36 Via Francigena

  • Foreign path:
  • Canterbury
  • Gran San Bernardo
  • Gran S. Bernardo
    21
  • Echevennoz
  • Aosta 
  • Châtillon 
  • Verrès
    21
  • Pont St. Martin 
  • Ivrea 
  • Viveron
  • Santhià
  • Vercelli
  • Robbio 
  • Mortara
  • Garlasco 
  • Pavia
    8
  • Santa Cristina 
  • Orio Litta 
  • Piacenza 
  • Fiorenzuola
  • Fidenza
  • Fornovo 
  • Cassio
  • Passo della Cisa
  • Pontremoli 
    8
  • Aulla
    34
  • Sarzana 
  • Massa
  • Camaiore 
  • Lucca
  • Altopascio 
  • San Miniato 
    10 34
  • Gambassi Terme
    34
  • San Gimignano
    34
  • Monteriggioni 
    34
  • Siena  
  • Ponte d'Arbia
  • San Quirico 
  • Radicofani 
  • Acquapendente 
  • Bolsena 
  • Montefiascone 
    18
  • Viterbo 
    18
  • Vetralla 
    18
  • Sutri
    18
  • Campagnano di Roma 
    18 32
  • La Storta
    18 32
  • Roma
    13 18 29 32 35
  • Variant:
  • San Quirico
  • Abbadia San Salvatore
  • Acquapendente
  • Variant:
  • Radicofani
  • Proceno
  • Acquapendente 

From Canterbury to Rome, an international 'Culture Route of the Council of Europe'

Hide/Show elements on map

Via Francigena - Logo
Official Logo

The Francigena Way is a long international itinerary that has been awarded recognition as a Culture Route of the Council of Europe. Starting in Canterbury for Rome, the Way crosses four countries: England, France, Switzerland and Italy, touching thirteen European regions.

Along the thousand kilometres, from the Passo del Gran San Bernardo to Rome, there are innumerable places to visit but it is designed to be as enjoyable as possible: easy trails, mule tracks, country roads and by-road traverse the  ancient ways of Italy.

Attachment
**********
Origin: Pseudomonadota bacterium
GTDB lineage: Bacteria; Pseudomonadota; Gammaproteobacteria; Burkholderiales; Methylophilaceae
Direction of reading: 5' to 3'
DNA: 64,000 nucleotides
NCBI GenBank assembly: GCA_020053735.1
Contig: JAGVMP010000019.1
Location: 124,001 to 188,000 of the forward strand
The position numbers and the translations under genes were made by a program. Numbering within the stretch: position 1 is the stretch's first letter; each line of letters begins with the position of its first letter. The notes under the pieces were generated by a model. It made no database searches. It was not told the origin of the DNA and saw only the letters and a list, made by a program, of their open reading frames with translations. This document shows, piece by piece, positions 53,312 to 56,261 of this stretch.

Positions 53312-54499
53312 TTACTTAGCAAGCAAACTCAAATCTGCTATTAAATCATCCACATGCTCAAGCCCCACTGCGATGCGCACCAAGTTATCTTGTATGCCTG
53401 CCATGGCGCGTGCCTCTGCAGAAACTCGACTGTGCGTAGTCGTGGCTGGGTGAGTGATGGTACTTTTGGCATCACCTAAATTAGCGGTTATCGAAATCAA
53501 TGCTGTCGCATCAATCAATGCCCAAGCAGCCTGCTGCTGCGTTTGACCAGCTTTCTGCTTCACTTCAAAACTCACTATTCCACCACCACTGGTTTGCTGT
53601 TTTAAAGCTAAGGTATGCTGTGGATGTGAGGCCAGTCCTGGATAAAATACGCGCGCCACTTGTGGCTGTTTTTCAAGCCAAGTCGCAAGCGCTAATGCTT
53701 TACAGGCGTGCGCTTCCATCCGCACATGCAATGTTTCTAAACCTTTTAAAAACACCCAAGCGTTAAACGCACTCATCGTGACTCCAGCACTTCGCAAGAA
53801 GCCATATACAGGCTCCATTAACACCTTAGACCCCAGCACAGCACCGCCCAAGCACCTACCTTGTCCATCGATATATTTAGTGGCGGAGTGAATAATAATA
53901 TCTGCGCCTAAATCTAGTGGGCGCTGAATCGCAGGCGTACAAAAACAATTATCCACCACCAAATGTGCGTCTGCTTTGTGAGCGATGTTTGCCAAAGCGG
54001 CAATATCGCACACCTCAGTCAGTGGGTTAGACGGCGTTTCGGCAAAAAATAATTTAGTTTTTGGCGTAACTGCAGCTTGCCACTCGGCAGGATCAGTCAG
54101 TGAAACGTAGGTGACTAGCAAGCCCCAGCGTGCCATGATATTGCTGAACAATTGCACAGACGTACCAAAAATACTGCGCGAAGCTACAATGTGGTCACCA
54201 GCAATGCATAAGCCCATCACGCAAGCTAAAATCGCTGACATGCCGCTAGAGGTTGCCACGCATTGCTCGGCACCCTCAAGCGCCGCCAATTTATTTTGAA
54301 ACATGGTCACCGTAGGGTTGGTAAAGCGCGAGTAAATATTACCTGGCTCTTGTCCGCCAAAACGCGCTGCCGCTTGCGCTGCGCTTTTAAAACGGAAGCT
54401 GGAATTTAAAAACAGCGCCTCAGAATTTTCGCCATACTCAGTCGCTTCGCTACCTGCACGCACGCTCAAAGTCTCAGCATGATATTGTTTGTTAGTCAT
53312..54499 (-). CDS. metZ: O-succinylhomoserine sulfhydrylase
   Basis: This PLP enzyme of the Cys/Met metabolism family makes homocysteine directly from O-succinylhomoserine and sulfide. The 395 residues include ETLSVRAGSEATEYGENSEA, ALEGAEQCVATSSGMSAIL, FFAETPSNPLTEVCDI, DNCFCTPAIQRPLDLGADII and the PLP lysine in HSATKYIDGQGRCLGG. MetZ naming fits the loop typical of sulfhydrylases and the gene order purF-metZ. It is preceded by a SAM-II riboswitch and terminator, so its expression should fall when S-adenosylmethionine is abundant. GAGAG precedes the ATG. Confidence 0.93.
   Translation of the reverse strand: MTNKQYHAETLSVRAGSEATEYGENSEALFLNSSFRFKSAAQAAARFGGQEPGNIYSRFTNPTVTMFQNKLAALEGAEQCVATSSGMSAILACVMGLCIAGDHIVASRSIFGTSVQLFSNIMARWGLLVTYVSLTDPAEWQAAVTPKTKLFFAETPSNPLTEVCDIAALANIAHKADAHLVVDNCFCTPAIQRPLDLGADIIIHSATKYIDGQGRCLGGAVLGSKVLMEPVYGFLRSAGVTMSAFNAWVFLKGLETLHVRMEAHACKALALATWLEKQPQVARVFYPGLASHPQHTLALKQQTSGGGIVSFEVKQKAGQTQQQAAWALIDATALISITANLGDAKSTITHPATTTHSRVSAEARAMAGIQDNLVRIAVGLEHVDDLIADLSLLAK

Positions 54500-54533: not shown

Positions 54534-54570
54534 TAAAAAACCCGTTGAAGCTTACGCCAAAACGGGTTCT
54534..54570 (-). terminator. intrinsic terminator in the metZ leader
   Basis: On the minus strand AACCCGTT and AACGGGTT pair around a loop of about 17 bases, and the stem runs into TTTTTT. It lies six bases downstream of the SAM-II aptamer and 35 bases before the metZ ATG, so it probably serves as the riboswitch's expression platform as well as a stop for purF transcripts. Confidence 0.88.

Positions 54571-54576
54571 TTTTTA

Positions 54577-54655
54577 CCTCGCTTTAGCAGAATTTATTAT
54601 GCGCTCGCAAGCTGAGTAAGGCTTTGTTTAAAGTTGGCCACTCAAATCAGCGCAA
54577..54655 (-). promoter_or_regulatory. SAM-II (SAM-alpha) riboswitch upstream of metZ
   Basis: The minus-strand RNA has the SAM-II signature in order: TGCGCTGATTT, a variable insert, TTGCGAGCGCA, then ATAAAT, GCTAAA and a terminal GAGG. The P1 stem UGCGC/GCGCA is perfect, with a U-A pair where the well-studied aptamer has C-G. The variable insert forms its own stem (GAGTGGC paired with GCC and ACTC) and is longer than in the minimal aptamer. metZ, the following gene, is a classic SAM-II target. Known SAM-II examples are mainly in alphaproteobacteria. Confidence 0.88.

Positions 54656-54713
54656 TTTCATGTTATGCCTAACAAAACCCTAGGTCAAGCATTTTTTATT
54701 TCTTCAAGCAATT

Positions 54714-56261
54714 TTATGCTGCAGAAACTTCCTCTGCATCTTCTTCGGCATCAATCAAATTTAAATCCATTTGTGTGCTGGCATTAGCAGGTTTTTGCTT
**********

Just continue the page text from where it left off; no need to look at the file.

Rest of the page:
Via Francigena - Gothic building, Piacenza - AEVF
Gothic building, Piacenza

The Via Francigena (or ‘the road from France’) became important when, after Longobard rule, the Franks turned the road into the main link between northern and southern Europe. An early authoritative description comes from the diary of the Archbishop of Canterbury before the year 1000, when he took note of all the details of the route while returning to England Including the eighty overnight stops.

Via Francigena - Casola Castle, Terenzo - AEVF
Casola Castle, Terenzo

The Via Francigena (or ‘the road from France‘) became important when, after Longobard rule, the Franks turned the road into the main link between northern and southern Europe. An early authoritative description comes from the diary of the Archbishop of Canterbury before the year 1000, when he took note of all the details of the route while returning to England Including the eighty overnight stops.

With the rise of pilgrimage in the year 1000, the Francigena became the main connection between Jerusalem, Rome and Santiago. North European pilgrims travelled the road to Rome and the Apulian ports and thereafter to the Holy Land. Whereas Italian pilgrims going to Santiago de Compostela used it to reach the main routes to Spain.

Via Francigena - Taro Bridge, Fornovo - AEVF
Taro Bridge, Fornovo

As of April 2017, the credentials issued by the European Association of the Vie Francigene grants a number of additional benefits to pilgrims:

  • discounted rates for traveling with Trenitalia;
  • reductions in the numerous of restaurants and bars along the way;
  • special price for those who purchase Credentials along with the Official Guide;
  • reduced postage for those who buy the credentials online from the website
1Cammino